A man in his 70s recently lost his wife to a long-term disease. She was a true believer in Jesus, and so is he. In an attempt to comfort him, a friend said, “The good news is that she is in heaven with Jesus.” The husband’s response showed he had great anxiety over this. He replied, “I’m not so sure she’s in heaven.” He had been taught that we can’t be sure we are going to heaven when we die as Christians. Yet, this belief is mild compared to what many Christ indwelt Christians believe.
The biggest lie about us having 100% assurance about going to heaven has to do with how much we sin versus how much we obey God. The common lie is that if you sin too much, God will get fed up with you, and he will depart from you forever. Yet, let’s be honest. Haven’t many of us done that one sin so many times that we’ve wondered if this might be true or if we are even Christians at all?
One Scripture seems to say that we can “out-sin” God’s grace and lose our salvation, meaning Christ will no longer live in us. It’s in Hebrews 10: “26 If we deliberately keep on sinning after we have received the knowledge of the truth, no sacrifice for sins is left, 27 but only a fearful expectation of judgment and of raging fire that will consume the enemies of God.” The sin here is only one—rejecting Jesus Christ as our Savior and Messiah after we understand the gospel.
There are many similar Scriptures that can be confusing such as Colossians 1:22 and 23, “But now he has reconciled you by Christ’s physical body through death to present you holy in his sight, without blemish and free from accusation— 23 if you continue in your faith, established and firm, and do not move from the hope held out in the gospel. ” (Italicized for emphasis) This Scripture appears to say that if you once believed in Jesus but later denied him, denouncing your faith, Jesus ejected from you, and you lost your salvation.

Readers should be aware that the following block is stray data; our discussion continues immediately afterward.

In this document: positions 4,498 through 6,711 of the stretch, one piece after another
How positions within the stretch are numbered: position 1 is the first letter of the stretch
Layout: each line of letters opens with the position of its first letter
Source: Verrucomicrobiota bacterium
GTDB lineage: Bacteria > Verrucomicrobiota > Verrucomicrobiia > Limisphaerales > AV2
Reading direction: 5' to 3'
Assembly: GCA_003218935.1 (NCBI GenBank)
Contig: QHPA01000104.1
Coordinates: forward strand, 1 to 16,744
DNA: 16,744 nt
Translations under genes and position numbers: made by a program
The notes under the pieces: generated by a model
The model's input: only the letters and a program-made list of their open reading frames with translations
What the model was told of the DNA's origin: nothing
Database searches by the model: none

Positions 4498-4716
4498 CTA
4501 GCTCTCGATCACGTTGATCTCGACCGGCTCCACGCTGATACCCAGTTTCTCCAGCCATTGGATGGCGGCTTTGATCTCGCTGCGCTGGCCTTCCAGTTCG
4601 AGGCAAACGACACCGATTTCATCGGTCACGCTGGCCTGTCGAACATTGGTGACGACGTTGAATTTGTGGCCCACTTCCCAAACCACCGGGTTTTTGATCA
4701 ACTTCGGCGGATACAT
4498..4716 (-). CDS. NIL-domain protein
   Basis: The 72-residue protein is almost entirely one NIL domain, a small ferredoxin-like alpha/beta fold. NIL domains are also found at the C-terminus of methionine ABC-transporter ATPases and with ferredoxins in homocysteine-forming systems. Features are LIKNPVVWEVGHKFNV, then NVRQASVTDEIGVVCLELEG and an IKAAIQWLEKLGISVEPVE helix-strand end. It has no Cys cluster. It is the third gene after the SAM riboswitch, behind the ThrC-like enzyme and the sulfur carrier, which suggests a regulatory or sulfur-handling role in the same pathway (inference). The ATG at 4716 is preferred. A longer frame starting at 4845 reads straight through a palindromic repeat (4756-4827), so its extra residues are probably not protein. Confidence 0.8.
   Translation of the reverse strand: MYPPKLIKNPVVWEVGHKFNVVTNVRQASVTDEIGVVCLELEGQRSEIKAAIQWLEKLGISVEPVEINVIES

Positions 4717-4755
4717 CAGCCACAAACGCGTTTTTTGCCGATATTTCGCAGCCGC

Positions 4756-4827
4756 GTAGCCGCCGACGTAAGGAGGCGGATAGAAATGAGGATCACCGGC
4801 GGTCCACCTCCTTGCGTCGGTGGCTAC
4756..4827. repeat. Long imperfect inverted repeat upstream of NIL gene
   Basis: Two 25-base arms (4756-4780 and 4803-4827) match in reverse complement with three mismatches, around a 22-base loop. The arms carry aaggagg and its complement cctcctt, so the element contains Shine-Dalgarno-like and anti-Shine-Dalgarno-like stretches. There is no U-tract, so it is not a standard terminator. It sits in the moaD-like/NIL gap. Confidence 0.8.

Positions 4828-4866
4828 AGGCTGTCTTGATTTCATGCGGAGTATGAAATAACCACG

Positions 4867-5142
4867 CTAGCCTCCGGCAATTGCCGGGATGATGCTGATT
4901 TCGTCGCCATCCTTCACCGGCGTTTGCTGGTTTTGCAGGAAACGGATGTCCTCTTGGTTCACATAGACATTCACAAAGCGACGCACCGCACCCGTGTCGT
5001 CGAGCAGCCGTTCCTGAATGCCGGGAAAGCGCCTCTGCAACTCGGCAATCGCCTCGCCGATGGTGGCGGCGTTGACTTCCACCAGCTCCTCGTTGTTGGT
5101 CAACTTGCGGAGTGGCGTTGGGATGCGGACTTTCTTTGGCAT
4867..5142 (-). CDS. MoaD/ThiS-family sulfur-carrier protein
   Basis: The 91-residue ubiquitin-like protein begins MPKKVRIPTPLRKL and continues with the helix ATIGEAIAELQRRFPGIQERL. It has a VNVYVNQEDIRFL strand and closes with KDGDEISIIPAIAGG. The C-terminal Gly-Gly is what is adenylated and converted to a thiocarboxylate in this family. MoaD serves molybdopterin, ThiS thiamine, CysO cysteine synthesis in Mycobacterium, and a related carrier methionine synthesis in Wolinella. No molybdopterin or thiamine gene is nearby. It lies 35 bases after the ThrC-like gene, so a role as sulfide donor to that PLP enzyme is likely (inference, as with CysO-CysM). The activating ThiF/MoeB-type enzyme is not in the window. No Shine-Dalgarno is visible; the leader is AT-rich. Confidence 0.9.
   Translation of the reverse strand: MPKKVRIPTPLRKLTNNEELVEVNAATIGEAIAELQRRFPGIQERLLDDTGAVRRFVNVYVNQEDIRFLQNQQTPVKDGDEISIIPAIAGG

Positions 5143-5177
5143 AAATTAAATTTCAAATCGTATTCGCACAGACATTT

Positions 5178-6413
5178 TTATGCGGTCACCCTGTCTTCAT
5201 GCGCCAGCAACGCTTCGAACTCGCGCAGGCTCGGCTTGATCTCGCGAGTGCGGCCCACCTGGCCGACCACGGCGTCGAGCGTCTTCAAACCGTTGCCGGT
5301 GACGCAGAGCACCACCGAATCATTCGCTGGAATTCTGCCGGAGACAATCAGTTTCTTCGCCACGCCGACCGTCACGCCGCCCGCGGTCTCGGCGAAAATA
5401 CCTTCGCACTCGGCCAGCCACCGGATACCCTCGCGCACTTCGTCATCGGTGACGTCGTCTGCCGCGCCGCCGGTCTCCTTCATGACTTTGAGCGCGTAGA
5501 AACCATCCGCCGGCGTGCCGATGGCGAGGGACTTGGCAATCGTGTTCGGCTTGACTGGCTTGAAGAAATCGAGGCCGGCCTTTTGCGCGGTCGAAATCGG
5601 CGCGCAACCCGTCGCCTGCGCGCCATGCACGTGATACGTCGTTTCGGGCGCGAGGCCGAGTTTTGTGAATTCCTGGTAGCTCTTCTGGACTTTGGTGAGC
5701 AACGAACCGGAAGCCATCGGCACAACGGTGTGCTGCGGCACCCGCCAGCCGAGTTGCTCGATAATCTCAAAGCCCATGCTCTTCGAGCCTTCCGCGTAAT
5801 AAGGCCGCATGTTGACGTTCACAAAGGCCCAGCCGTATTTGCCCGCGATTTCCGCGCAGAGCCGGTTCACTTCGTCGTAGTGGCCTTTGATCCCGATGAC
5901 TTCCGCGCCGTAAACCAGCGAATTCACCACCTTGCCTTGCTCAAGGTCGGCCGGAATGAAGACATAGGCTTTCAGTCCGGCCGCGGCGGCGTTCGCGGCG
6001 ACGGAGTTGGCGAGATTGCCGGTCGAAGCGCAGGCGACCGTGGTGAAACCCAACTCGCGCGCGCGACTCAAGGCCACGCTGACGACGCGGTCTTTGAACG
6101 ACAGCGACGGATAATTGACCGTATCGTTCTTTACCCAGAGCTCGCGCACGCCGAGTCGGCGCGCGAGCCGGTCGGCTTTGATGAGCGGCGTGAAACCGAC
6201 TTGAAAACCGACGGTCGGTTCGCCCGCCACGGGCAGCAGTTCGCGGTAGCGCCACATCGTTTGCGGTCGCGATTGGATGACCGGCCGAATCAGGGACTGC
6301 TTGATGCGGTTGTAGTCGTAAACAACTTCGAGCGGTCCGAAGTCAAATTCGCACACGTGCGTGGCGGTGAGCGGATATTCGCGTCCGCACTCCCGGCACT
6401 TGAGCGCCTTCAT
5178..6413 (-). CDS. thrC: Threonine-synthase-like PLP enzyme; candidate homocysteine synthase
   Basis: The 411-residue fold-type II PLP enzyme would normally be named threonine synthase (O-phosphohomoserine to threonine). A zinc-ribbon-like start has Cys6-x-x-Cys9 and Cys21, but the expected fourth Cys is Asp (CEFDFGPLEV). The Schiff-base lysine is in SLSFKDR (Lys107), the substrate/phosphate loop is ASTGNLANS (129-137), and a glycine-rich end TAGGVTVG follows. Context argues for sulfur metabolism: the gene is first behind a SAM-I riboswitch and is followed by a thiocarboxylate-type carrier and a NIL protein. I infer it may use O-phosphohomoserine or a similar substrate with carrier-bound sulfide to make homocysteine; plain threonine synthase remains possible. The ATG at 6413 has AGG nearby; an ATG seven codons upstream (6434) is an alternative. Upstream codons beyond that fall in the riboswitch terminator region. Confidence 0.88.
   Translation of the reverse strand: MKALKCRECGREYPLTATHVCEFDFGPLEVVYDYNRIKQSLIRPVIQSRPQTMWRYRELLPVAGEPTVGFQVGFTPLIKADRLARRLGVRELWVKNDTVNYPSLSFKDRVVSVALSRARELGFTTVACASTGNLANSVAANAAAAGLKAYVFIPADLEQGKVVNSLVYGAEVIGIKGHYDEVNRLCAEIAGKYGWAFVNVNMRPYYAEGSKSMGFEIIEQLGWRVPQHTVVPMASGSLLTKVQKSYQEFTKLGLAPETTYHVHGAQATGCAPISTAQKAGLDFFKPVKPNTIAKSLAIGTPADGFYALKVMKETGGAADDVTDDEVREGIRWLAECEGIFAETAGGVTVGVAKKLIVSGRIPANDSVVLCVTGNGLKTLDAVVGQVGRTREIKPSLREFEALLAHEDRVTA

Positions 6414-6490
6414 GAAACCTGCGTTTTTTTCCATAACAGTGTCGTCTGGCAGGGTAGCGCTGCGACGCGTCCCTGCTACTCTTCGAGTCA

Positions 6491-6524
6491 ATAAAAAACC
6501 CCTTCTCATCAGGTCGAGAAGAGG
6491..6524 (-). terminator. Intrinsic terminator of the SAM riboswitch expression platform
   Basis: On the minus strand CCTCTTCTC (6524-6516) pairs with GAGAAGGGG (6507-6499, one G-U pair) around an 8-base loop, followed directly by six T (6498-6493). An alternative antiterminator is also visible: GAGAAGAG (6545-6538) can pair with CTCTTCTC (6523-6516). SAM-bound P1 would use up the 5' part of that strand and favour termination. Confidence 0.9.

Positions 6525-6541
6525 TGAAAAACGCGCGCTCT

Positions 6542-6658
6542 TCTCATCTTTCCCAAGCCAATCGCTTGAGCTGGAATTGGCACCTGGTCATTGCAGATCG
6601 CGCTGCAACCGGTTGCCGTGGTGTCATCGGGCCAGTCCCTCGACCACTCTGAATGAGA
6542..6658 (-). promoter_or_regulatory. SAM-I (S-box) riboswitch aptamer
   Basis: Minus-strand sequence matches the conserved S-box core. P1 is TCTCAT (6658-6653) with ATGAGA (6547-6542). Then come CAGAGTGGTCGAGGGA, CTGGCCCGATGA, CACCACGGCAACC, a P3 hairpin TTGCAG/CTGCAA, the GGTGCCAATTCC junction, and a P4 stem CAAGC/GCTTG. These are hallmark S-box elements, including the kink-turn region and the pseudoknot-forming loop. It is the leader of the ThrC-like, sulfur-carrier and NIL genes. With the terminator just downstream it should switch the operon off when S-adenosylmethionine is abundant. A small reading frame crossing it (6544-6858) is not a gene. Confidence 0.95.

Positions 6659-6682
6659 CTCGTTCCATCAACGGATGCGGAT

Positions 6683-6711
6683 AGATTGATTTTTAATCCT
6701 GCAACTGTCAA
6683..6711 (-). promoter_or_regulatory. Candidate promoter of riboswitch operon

The answer is if someone once claimed faith in Jesus but later denied him as their Savior, it is likely they never had Christ in them. They believed the facts of the gospel and might have had some emotional experiences, but trials and time prove whether a person’s faith is genuine.
Dr. Adrian Rogers once said it this way. “A faith that fizzles before the finish had a flaw from the first.”
Finally, think of this. If we can lose our salvation, it means this. God would have to take us out of the heavenly places where we now sit with Christ, un-resurrect us with Christ, un-crucify us with Christ, and sever the union we have with Christ! That is simply not going to happen. We are secure in Christ forever.
We are forgiven, clean, righteous, holy, blameless, and close in Christ forever. That’s why it’s called the lavish grace of God in Ephesians 1!